“There is nothing like lying flat on your back on the deck, alone except for the helmsman aft at the wheel, silence except for the lapping of the sea against the side of the ship. At that time you can be equal to Ulysses and brother to him.”
— Errol Flynn
Looking for a song to help you lose sight of the shore? This month’s playlist features the latest from Florence + the Machine, Leon Bridges, and Chris Janson. It includes a few throwback classics from Styx and Lyle Lovett, plus dozens of other songs from many genres. If you can’t cast off in a boat at the moment, we’re here to help you feel the sea breeze in your hair wherever you are. Just click ‘play.’
In the well-known poem Sea Fever, John Masefield writes of his longing and wanderlust to return to life at sea. His use of assonance and alliteration creates echo and repetition, all of which begs to be memorized and recited aloud. If you also happen to be standing at the helm of a sailboat while reading it, even better.
I must go down to the seas again, to the lonely sea and the sky,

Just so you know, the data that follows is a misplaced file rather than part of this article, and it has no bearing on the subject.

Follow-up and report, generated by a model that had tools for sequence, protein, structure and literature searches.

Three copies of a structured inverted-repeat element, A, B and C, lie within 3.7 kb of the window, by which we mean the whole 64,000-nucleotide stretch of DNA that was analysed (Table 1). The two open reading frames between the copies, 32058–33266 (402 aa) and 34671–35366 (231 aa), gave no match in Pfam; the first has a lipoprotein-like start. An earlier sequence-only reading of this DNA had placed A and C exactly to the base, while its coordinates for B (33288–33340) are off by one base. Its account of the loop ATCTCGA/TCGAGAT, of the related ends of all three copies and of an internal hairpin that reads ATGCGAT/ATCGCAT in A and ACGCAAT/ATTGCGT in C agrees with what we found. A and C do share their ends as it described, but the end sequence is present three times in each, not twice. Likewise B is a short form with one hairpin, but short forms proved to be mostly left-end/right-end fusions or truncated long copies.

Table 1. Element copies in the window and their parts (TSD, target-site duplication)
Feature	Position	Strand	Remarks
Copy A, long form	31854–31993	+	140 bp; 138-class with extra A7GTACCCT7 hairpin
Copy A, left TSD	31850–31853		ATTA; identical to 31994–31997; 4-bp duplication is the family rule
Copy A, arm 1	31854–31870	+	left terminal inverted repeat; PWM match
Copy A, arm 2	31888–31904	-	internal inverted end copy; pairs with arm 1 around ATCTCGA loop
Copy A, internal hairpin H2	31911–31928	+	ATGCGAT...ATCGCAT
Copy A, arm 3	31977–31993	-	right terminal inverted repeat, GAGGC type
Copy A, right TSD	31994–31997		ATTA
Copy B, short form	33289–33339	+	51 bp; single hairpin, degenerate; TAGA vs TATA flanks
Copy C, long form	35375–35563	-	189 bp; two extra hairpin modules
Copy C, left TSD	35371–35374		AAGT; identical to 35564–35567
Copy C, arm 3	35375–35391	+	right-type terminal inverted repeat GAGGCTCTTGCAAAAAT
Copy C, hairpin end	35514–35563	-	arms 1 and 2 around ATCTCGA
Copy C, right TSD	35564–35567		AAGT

And all I ask is a tall ship and a star to steer her by,
And the wheel’s kick and the wind’s song and the white sail’s shaking,
And a gray mist on the sea’s face, and a gray dawn breaking.
I must down go to the seas again, for the call of the running tide
Is a wild call and a clear call that may not be denied;
And all I ask is a windy day with the white clouds flying,
And the flung spray and the blown spume, and the sea-gulls crying.
I must go down to the seas again, to the vagrant gypsy life,
To the gull’s way and the whale’s way, where the wind’s like a whetted knife;
And all I ask is a merry yarn from a laughing fellow-rover,
And quiet sleep and a sweet dream when the long trick’s over.
Think about a time when you were on a ship, sailboat, or boat. Write a poem about the experience. What souvenirs did your senses collect and place in memory? Was it warm or cold? Were the winds strong or fair? Think of all you saw and heard; what you smelled, tasted, and felt. Consider using assonance and alliteration to create rhythm and help guide your reader’s attention. If you’ve never been on the water, borrow a scene from a poem, book, or movie. You can live the life of a sailor vicariously!
Thanks to all who participated in last week’s poetry prompt. Here’s a poem from Rick we enjoyed:
Photo by Sharada Prasad CS, Creative Commons, via Flickr.